ISSN: 2455-5282
Global Journal of Medical and Clinical Case Reports
Case Report       Open Access      Peer-Reviewed

Cutaneous phaeohyphomycosis of foot web by Curvularia lunata

Mohammed Rasheeduddin* and Visalakshi P

Department of Medical Microbiology, Vijaya Diagnostic Centre, Himayatnagar, Hyderabad, India
*Corresponding author: Mohammed Rasheeduddin, Department of Medical Microbiology, Vijaya Diagnostic Centre, Himayatnagar, Hyderabad, India, Tel: +91 8686435775; E-mail: hmzrshd@yahoo.co.in
Received: 10 June, 2017 | Accepted: 02 August, 2017 | Published: 04 August, 2017
Keywords: Phaeohyphomycosis; Interdigital spaces; Curvularia lunata; Nondermatophyte

Cite this as

Rasheeduddin M, Visalakshi P (2017) Cutaneous phaeohyphomycosis of foot web by Curvularia lunata. Glob J Medical Clin Case Rep 4(3): 074-075. DOI: 10.17352/2455-5282.000053

A case of cutaneous phaeohyphomycosis of the foot affecting interdigital spaces between toes in a 31 year old immunocompetent male with no history of diabetes is illustrated. Fugal elements were found in direct microscopic examination of skin scrapping. The etiologic agent was identified as Curvularia lunata based on macromophology and microscopic examination of pure culture growth. The patient was prescribed with a topical cream containing sertaconazole nitrate and oral itraconazole by the treating dermatologist. Nondermatophyte infections clinically mimic dermatophytosis, and microscopically resemble dermatophytes. Therefore, a correct identification of etiologic agent is important for appropriate treatment.

Case Report

Dematiaceous fungi are frequently considered as ubiquitous saprobes inhabiting plants and residing in the soil. However, these generalized assumptions are now incorrect as several etiologic agents occupy specific ecological niches that contribute to our understanding of their opportunistic/pathogenic potential. Curvularia is one of the important members of these melanized fungi and [1], is a causative agent of phaeohyphomycosis which is an emerging mycotic infection of humans where the tissue morphology of the causative organism is mycelial. This separates it from other clinical types of disease involving brown-pigmented fungi where the tissue morphology of the organism is a grain (mycotic mycetoma) or sclerotic body (chromoblastomycosis) [2].

A case of cutaneous phaeohyphomycosis of the foot affecting interdigital spaces between toes in a 31 year old immunocompetent male with no history of diabetes is illustrated. Cutaneous scaling lesions were prominent between webs of foot. Lesions were irregularly marginated, pruritic and darker than the surrounding skin. It was clinically suspected as intertriginous tinea pedis by a referring dermatologist.

Direct examination of skin scrapping in 10% potassium hydroxide mount revealed branching septate hyaline hyphae with some circular to oval structures of distorted morphology. Dermatophyte test medium (DTM) (HiMedia, India) without dermato supplement, and, with and without actidione used for culture. Inoculated slopes of DTM incubated aerobically in biological oxygen demand (BOD) incubator at 250C + 10C.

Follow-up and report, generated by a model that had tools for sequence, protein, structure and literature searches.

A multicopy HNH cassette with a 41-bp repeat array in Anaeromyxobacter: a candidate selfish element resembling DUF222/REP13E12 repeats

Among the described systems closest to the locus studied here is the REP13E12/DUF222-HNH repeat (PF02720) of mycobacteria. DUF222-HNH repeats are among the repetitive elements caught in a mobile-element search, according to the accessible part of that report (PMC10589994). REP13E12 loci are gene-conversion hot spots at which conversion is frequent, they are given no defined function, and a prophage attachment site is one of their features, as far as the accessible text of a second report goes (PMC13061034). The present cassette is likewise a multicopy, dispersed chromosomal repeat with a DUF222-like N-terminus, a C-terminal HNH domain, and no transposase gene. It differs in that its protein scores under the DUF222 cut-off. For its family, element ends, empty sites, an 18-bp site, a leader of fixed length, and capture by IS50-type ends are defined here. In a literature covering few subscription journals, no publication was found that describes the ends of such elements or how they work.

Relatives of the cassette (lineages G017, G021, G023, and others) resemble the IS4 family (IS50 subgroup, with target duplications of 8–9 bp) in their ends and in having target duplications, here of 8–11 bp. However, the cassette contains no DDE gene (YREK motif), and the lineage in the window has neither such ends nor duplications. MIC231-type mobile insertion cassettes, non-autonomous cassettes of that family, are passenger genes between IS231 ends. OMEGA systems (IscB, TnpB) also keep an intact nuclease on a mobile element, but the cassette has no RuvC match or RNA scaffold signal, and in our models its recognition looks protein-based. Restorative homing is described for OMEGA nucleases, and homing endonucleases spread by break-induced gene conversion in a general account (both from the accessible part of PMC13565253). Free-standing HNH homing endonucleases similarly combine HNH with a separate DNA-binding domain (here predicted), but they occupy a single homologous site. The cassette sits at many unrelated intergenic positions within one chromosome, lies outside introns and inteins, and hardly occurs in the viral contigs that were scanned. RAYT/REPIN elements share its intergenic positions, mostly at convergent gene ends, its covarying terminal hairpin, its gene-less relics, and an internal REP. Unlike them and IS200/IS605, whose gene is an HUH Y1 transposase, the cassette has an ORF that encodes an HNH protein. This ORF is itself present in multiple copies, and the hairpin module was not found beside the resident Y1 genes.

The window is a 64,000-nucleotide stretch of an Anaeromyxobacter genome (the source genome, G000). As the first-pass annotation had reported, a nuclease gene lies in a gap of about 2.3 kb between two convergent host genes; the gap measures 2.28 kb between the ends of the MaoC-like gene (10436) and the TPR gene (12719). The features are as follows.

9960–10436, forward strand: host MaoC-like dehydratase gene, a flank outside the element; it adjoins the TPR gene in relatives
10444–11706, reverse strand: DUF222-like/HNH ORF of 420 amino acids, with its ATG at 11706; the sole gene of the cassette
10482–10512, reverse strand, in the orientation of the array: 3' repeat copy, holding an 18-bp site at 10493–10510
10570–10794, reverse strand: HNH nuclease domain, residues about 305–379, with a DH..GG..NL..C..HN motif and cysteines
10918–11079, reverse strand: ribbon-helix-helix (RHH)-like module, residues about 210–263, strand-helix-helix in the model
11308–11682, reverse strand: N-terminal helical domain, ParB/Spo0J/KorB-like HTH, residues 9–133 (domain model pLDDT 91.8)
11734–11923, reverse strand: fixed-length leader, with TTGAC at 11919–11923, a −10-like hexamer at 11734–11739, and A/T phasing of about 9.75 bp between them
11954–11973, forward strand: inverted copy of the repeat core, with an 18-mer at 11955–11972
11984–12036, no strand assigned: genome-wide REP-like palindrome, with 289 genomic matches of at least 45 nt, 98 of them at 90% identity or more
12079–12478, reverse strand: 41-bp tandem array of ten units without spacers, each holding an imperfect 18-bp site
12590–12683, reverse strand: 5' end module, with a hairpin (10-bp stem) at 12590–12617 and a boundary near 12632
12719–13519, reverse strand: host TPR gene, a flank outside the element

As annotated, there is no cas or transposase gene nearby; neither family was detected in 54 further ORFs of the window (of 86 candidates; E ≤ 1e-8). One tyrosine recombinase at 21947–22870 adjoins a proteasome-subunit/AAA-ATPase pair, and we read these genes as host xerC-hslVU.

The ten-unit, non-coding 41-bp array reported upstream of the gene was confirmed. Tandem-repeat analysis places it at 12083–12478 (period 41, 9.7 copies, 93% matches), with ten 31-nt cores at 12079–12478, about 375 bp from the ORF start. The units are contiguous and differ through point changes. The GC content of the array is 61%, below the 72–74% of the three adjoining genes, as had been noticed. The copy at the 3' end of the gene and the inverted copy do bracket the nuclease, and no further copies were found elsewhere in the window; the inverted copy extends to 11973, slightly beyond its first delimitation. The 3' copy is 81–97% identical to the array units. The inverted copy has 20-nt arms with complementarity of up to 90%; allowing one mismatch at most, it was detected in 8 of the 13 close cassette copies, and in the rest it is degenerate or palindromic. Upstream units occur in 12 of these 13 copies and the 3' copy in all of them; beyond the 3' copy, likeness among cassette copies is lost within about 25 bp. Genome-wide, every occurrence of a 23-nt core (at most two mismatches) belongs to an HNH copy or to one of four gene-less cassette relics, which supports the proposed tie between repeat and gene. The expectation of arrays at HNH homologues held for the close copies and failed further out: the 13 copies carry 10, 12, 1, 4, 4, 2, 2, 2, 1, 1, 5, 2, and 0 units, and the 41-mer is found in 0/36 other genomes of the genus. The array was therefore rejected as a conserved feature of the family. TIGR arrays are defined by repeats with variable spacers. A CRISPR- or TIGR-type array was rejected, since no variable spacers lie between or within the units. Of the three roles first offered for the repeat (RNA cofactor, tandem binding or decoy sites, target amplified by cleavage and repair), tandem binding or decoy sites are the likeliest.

On DTM, dermatophytes produce alkaline metabolites, which causes the phenol red pH indicator to change the color of the medium from yellow to pink-red, whereas in case of Non-Dermatophytes media remains yellow in color [3].

Macromorphology: Fast growing colony, fully matured within 5 days, suede-like, greenish grey at the centre, effuse and grayish white towards the periphery, with a fimbriate margin (Figure 1), reverse brownish black (Figure 2). The color of the medium remains yellow. No growth observed on media containing cycloheximide till 30 days.

Micromorphology: Branched septate, hyaline (stained blue with lactophenol cotton blue) to brown hyphae, large pale brown macroconidia with no more than four transverse septa, the subterminal cell curved, swollen, larger and darker than the remaining, characteristic of Curvularia lunata were seen (Figure 3) in a stand-alone laboratory. The patient was prescribed with a topical cream containing sertaconazole nitrate and oral itraconazole by the treating dermatologist.

Although rarely pathogenic, Curvularia species have been reported to cause a variety of human systemic, subcutaneous, and cutaneous mycoses [4]. It is interesting to note that Curvularia species form dark pigmented colonies on the culture media whereas in tissues the fungal elements are hyaline to brown, with varying morphologic features [5]. Nondermatophyte infections clinically mimic dermatophytosis, and microscopically resemble the dermatophytes [4]. Therefore, a correct identification of etiologic agent is important for appropriate treatment.

  1. Sanjay G R, Deanna A S (2010) Melanized Fungi in Human Disease. Clin Micro Rev 23: 884–928. Link: https://goo.gl/LCvgBQ
  2. David E, Stephen D, Helen A, Rosemary H, Robyn B (2007) Curvularia Boedijn. In Descriptions of Medical Fungi, 2nd ed, Mycology Unit, Women’s and Children’s Hospital, School of Molecular & Biomedical Science, University of Adelaide, Adelaide, Australia. P.57.
  3. D.T.M. Agar Base (Dermatophyte Test Agar Base) M188, HiMedia Technical Data Sheet http://himedialabs.com/TD/M188.pdf. Link:
  4. Jorge O L, Neicy M.J (1998) Dermatomycosis of the toe web caused by Curvularia lunata. Rev Inst Med Trop S.Paulo 40: 327-328. Link: https://goo.gl/3m1FNB
  5. Kwon-Chung K J, Bennett J E (1992) Phaeohyphomycosis (Chromomycosis, phaeosporotrichosis, cerebral chromomycosis). In: Kwon-Chung K.J, Bennett J.E. Medical Mycology. Philadelphia, Lea & Febiger. P.620-677.
© 2018 Rasheeduddin M, et al. This is an open-access article distributed under the terms of the Creative Commons Attribution License, which permits unrestricted use, distribution, and reproduction in any medium, provided the original author and source are credited.
 

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